Wednesday, March 15, 2017

St. Patrick's Day in the White House

It was a balmy March day in Washington as the Irish ambassador to the U.S. headed to the White House. He carried a small gift for the president: a box of Irish shamrock in honor of St. Patrick's Day.
       The year was 1952. The president, Harry Truman, was out of town. So the ambassador, John Joseph Hearne, dropped off the shamrock and went on his way. By doing this one act, Hearne notched the notion of Irish-America to all of America.
      By 1953, with Dwight Eisenhower in the White House, the low-key shamrock presentation of the previous year began to resemble the ceremony we know today.
A gift that had been dropped off was now presented to the president in person. The small box containing a few sprigs of shamrock evolved into a custom-made Waterford crystal bowl full of sprouts, specially flown in for the event.

When John F. Kennedy, himself an Irish-American, the media event was full-blown. Interest diminished after his death, but his successor, Lyndon Johnson, gamely kept the tradition alive.

President Eisenhower
President Truman

        In the 1970s, the occasion settled into a more routine, minor event on the schedule for Gerald Ford and Jimmy Carter. Carter even delegated the task to his vice president one year, when he was preoccupied with negotiating 1979's Israel-Egypt peace treaty. Ronald Reagan, however, was fond of extolling his Irish roots, so his arrival in the White House helped transform St. Patrick's Day in Washington into a jovial, celebratory, all-day affair.
         By then, the nation's capital was hosting its own parade, and the shamrock ceremony was soon joined on the schedule by an annual congressional St. Patrick's Day luncheon in the U.S. Capitol, hosted by House Speaker Tip O'Neill.
After Reagan, George H.W. Bush accepted the shamrock for four years. Clinton set a precedent by meeting only with Irish prime ministers. George W. Bush deliberately toned down the celebration as a way of signaling his intention to limit his administration's involvement with Northern Ireland.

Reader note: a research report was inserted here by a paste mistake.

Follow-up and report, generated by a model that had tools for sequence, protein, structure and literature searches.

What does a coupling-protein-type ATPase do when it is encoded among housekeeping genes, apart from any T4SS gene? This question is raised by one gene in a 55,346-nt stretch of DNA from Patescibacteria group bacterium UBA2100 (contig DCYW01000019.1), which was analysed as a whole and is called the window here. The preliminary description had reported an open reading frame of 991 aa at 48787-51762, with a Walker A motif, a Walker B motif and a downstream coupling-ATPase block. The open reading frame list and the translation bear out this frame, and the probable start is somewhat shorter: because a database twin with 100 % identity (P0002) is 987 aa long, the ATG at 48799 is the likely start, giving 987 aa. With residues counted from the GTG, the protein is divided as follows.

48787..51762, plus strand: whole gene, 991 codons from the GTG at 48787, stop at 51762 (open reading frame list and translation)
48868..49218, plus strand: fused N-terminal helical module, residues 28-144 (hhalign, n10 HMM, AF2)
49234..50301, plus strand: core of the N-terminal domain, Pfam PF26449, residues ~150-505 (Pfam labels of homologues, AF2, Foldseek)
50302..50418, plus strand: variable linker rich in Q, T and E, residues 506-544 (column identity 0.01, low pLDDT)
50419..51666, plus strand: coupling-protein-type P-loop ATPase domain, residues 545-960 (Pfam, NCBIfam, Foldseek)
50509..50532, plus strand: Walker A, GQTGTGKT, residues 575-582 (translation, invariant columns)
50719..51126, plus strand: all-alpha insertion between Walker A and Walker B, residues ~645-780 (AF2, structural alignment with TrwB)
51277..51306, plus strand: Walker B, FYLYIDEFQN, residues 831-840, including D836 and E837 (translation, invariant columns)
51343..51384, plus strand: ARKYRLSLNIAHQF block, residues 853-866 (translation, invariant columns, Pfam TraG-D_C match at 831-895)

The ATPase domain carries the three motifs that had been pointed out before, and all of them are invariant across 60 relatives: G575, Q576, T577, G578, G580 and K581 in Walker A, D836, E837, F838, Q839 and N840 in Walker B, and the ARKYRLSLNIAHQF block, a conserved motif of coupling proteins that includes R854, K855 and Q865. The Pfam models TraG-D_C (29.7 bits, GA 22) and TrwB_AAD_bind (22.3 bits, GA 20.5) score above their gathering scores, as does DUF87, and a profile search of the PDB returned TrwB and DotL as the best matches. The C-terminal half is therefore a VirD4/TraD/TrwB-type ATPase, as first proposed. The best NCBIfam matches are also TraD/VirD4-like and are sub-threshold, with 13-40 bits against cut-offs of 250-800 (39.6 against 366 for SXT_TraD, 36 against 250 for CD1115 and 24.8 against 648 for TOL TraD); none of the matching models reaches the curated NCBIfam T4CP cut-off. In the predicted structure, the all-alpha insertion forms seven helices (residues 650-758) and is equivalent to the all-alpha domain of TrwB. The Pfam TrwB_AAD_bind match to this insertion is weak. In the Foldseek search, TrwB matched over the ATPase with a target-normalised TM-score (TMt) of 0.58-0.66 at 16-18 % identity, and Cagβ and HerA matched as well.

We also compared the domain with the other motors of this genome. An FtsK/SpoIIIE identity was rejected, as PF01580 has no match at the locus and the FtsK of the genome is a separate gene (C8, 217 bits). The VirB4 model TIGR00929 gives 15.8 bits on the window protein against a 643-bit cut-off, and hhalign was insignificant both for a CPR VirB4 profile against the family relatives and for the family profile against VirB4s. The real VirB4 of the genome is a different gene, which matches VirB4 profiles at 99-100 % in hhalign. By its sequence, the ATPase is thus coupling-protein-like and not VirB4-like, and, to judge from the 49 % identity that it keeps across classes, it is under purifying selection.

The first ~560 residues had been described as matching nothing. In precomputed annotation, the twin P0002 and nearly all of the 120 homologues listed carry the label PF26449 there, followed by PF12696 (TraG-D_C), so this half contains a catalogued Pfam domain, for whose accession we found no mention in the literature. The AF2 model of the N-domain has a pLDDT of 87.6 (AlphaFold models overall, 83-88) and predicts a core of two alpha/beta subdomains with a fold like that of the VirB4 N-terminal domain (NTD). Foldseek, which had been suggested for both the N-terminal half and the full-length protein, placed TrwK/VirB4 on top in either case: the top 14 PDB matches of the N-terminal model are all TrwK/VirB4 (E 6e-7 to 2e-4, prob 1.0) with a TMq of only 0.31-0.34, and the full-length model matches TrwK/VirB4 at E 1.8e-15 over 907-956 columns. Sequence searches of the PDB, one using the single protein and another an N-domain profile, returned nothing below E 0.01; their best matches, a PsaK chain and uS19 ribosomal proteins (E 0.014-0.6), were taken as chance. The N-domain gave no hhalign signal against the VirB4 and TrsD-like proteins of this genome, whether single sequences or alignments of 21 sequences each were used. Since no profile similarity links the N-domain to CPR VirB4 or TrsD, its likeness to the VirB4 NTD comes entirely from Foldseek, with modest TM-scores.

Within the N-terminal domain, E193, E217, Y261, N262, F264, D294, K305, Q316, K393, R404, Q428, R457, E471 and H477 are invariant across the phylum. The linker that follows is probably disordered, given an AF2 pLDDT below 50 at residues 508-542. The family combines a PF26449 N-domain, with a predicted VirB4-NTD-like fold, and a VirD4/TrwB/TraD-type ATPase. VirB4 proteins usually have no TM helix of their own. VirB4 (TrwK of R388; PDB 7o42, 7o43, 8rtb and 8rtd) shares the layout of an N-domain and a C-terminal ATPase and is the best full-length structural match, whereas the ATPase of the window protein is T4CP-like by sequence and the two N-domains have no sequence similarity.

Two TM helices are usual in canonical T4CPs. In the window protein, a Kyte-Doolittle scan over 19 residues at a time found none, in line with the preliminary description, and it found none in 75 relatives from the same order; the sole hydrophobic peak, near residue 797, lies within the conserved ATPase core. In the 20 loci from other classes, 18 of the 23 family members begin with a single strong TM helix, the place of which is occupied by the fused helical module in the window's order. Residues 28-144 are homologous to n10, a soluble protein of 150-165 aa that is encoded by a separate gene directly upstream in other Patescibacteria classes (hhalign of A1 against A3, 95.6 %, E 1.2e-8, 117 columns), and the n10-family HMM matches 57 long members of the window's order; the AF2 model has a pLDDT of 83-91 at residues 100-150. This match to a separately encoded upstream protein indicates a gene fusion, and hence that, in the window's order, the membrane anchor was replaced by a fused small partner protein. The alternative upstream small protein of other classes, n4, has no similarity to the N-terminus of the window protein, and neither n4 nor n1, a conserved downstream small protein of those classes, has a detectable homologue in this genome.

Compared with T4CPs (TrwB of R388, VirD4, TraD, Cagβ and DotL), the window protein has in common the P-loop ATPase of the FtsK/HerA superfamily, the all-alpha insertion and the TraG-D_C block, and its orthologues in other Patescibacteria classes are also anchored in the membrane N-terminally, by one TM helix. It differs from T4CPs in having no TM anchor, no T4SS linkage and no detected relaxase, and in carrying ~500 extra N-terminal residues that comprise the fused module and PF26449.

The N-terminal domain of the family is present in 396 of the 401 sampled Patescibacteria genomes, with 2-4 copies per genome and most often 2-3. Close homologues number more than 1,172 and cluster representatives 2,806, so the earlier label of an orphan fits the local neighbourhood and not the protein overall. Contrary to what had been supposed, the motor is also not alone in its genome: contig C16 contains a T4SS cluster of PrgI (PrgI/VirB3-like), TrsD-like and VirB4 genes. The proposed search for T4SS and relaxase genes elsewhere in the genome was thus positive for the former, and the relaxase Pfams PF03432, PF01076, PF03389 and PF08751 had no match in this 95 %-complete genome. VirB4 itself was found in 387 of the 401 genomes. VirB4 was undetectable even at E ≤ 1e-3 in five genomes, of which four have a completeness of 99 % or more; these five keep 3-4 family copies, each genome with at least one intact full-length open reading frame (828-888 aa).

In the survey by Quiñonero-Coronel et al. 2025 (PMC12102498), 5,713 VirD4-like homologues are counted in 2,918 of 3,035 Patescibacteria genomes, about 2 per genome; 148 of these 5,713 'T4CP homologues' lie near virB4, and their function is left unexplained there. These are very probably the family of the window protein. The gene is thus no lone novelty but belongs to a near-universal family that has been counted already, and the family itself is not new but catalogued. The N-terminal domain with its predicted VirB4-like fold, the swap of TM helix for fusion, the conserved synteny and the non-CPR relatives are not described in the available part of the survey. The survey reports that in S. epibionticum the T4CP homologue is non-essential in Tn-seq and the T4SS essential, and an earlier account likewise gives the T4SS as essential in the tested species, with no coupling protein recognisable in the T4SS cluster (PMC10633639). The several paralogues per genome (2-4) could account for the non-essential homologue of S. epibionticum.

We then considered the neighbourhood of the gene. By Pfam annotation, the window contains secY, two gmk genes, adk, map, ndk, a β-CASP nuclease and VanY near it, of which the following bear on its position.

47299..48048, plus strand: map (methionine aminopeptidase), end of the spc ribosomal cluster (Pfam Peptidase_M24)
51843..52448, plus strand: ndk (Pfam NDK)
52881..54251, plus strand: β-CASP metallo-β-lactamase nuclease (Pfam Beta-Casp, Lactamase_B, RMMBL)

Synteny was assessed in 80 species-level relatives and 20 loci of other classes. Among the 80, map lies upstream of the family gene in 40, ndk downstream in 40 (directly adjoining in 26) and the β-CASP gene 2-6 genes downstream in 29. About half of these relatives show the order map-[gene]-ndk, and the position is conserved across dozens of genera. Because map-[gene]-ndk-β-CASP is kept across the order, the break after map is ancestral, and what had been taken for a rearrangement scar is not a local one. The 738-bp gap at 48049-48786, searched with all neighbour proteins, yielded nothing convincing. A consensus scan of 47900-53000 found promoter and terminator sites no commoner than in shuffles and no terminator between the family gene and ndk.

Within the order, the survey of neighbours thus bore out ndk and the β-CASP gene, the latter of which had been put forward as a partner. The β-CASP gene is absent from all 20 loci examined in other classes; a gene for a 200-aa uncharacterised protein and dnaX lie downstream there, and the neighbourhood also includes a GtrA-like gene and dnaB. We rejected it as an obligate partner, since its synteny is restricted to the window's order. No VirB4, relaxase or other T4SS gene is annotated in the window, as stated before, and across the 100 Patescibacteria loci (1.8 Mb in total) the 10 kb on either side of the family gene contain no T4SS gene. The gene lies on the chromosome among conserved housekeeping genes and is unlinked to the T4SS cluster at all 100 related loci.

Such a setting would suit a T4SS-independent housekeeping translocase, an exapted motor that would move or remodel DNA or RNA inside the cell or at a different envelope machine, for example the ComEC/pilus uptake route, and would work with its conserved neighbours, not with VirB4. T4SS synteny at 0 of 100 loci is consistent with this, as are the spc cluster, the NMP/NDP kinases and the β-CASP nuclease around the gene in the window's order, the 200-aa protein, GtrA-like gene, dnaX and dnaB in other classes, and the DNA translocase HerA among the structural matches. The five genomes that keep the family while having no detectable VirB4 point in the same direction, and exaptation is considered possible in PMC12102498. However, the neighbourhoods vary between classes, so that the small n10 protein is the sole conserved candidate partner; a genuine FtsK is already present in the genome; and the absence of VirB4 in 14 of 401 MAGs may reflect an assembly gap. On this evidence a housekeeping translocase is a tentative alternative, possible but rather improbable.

President Obama made clear his commitment to continuing the ritual, calling it "an affirmation of one of the strongest bonds between peoples that exist in the world."
          Ireland, too, is committed to sustaining the custom. A 2009 official government report on U.S.-Ireland relations cited the importance of the shamrock ceremony: After nearly 60 years of St. Patrick's Day ceremonies, what's actually become of all those bowls of shamrock?
           Ronald Reagan used one of his Waterford bowls to hold jelly beans. Bill Clinton displayed his glassware in the White House.
          White House security regulations dictate that any food, drink or plant presented to the president be "handled pursuant to Secret Service policy." That's Secret Service-speak for destroyed -- an unceremonious fate, for an enduring symbol of a long friendship.
President Clinton
President and First Lady Laura Bush
President Nixon

President Kennedy

Wednesday, March 1, 2017


In 1790, the first ice cream parlor opened in New York. In late June 1791, a notice appeared in the Pennsylvania Gazette announcing the details of that ear’s July 4th celebration. On the menu that year at Grays Gardens were the confections of Mr. de la Croiz, including “iced creams of a great variety.” Great estates, including Mount Vernon and Monticello, had their own “cream machines for ice.”

Dolley Madison, the first lady of the United States and wife of James Madison, fourth president of America, popularized ice cream in the White House. It was still a very impressive dessert because modern freezers were not introduced yet. To make ice cream, an estate relied on an ice house with large blocks of ice cut from frozen water, packed on straw and held in a cool place.


Dolley preferred oyster ice cream. She used small, sweet oysters from the Potomac River near her home to churn up an interesting dessert. In 18th century cookbooks, chefs didn’t stick to the basics. Recipes for parmesan ice cream, asparagus ice cream, chestnut cream and many other flavors that don’t grace our modern day tables were popular.

I couldn’t find her recipe for oyster ice cream, but she’d probably poach oysters in a cream base. The amount of oysters would dictate the intensity of the oyster flavor.
Here is Dolley’s Peppermint Stick Ice Cream.
3/4 c. sugar
2 tbsp. cornstarch
3 c. whole m ilk
3/4 c. light corn syrup
2 whole eggs, beaten lightly
1 c. cream
4 drops natural peppermint extract
2 drops red food coloring
3/4 c. peppermint candy, crushed
Mix the sugar and cornstarch in the top of a double boiler. Stir in the milk, syrup and eggs. Cook over boiling water, stirring all the time for 10 minutes or until the mixture has thickened. Chill. Stir in cream, extract and coloring. Freeze in a 2 quart ice cream freezer according to the manufacturer's instructions. When partially frozen, add crushed peppermint and continue frequently. Yields 2 quarts.